• Guests:
    • Former Secretary of Homeland Security, Tom Ridge.
    • Rolf Skar, Greenpeace Forest Campaigner.
  • Topics:
    • Did the president's speech inspire you or worry you? (great speech, where's the beef?)
    • Pass or fail - 'the test of our time'?
    • Health care.
    • Geeky science rocks: is global warming the cause of wildfires?
  • Bumper Music:
  • Today's newsletter has details of today's guests and links to the major stories and alerts that Thom covered in the show, plus lots more. If you haven't signed up for the free newsletter yet, please do. If you missed today's newsletter, it is in the archive.
  • Clip:
    "You see, our predecessors understood that government could not, and should not, solve every problem. They understood that there are instances when the gains in security from government action are not worth the added constraints on our freedom. But they also understood that the danger of too much government is matched by the perils of too little; that without the leavening hand of wise policy, markets can crash, monopolies can stifle competition, and the vulnerable can be exploited. And they knew that when any government measure, no matter how carefully crafted or beneficial, is subject to scorn; when any efforts to help people in need are attacked as un-American; when facts and reason are thrown overboard and only timidity passes for wisdom; and we can no longer even engage in a civil conversation with each other over the things that truly matter — that at that point we don't merely lose our capacity to solve big challenges. We lose something essential about ourselves. ...

    Now, I have no interest in putting insurance companies out of business. They provide a legitimate service, and employ a lot of our friends and neighbors. I just want to hold them accountable. The insurance reforms that I've already mentioned would do just that. But an additional step we can take to keep insurance companies honest is by making a not-for-profit public option available in the insurance exchange. Let me be clear — it would only be an option for those who don't have insurance. No one would be forced to choose it, and it would not impact those of you who already have insurance. In fact, based on Congressional Budget Office estimates, we believe that less than 5 percent of Americans would sign up. ...

    Well the time for bickering is over. The time for games has passed. Now is the season for action. Now is when we must bring the best ideas of both parties together, and show the American people that we can still do what we were sent here to do. Now is the time to deliver on health care. ...

    I am not the first president to take up this cause, but I am determined to be the last. It has now been nearly a century since Theodore Roosevelt first called for health care reform. And ever since, nearly every president and Congress, whether Democrat or Republican, has attempted to meet this challenge in some way. A bill for comprehensive health reform was first introduced by John Dingell Sr. in 1943. Sixty-five years later, his son continues to introduce that same bill at the beginning of each session. ...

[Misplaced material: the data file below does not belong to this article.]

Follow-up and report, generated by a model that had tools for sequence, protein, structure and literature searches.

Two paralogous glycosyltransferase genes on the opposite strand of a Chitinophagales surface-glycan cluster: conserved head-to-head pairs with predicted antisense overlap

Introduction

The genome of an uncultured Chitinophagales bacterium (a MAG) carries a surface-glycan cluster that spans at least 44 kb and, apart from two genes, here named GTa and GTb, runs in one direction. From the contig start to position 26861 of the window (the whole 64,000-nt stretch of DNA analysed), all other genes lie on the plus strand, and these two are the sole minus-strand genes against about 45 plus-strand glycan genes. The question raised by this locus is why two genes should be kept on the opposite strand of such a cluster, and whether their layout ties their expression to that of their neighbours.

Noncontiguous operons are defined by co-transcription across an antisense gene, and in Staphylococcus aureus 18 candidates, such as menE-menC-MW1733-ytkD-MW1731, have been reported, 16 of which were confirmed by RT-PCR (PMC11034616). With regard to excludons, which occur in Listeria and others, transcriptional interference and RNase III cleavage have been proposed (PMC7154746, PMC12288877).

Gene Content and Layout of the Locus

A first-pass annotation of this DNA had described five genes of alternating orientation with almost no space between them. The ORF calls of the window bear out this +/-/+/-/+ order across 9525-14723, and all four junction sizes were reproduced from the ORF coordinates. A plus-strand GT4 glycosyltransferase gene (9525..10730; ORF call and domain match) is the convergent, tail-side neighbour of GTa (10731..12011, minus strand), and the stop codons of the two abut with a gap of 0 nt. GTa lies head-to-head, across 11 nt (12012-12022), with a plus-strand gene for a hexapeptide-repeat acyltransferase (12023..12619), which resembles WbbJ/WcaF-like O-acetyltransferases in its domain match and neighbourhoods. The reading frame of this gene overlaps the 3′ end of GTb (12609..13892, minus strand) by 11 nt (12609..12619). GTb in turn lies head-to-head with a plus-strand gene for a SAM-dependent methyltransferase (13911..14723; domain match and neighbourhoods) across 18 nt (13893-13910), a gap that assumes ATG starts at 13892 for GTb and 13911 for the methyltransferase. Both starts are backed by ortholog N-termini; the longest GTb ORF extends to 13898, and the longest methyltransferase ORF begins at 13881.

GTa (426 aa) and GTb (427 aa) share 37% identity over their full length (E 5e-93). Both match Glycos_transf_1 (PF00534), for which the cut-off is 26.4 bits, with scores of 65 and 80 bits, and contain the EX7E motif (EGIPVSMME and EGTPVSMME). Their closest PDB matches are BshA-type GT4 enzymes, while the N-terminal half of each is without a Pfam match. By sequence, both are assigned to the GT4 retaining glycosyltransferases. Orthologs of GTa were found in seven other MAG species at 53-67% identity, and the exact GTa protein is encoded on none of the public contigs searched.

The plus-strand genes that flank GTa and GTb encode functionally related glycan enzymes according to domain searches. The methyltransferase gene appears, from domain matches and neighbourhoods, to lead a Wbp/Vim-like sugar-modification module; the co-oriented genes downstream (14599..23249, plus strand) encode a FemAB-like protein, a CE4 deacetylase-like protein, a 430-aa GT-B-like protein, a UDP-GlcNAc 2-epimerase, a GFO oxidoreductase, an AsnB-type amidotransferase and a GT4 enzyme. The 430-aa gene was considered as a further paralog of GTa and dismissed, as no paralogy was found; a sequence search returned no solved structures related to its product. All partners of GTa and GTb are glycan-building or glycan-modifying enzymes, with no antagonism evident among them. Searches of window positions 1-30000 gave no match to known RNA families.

I believe it makes more sense to build on what works and fix what doesn't, rather than try to build an entirely new system from scratch. And that is precisely what those of you in Congress have tried to do over the past several months.

    "
    Text of President Barack Obama's address to Congress on health care reform, 09 September 2009.
  • Clip:
    "Going back to the question of stare decisis, the one thing that is very interesting about this area of law for the last 100 years is the active involvement of both State and Federal legislatures in trying to find that balance between the interest of protecting in their views how the electoral process should proceed and the interests of the First Amendment.

    And so my question to you is, once we say they can't, except on the basis of a compelling government interest narrowly tailored, are we cutting off or would we be cutting off that future democratic process? Because what you are suggesting is that the courts who created corporations as persons, gave birth to corporations as persons, and there could be an argument made that that was the Court's error to start with, not Austin or McConnell, but the fact that the Court imbued a creature of State law with human characteristics.

    "
    Justice Sonia Sotomayor, Citizens United v. FEC oral arguments.
  • Clip: "Dank ihrer Führung wird Deutschland sein Ziel erreichen, Heimat zu sein. Heimat zu sein für alle Deutschen der Welt." Rudolph Hess, 1934 Nuremburg rally.
  • Clip: "I've always felt the nine most terrifying words in the English language are, 'I'm from the government and I'm here to help'." Ronald W. Reagan.
  • Comments

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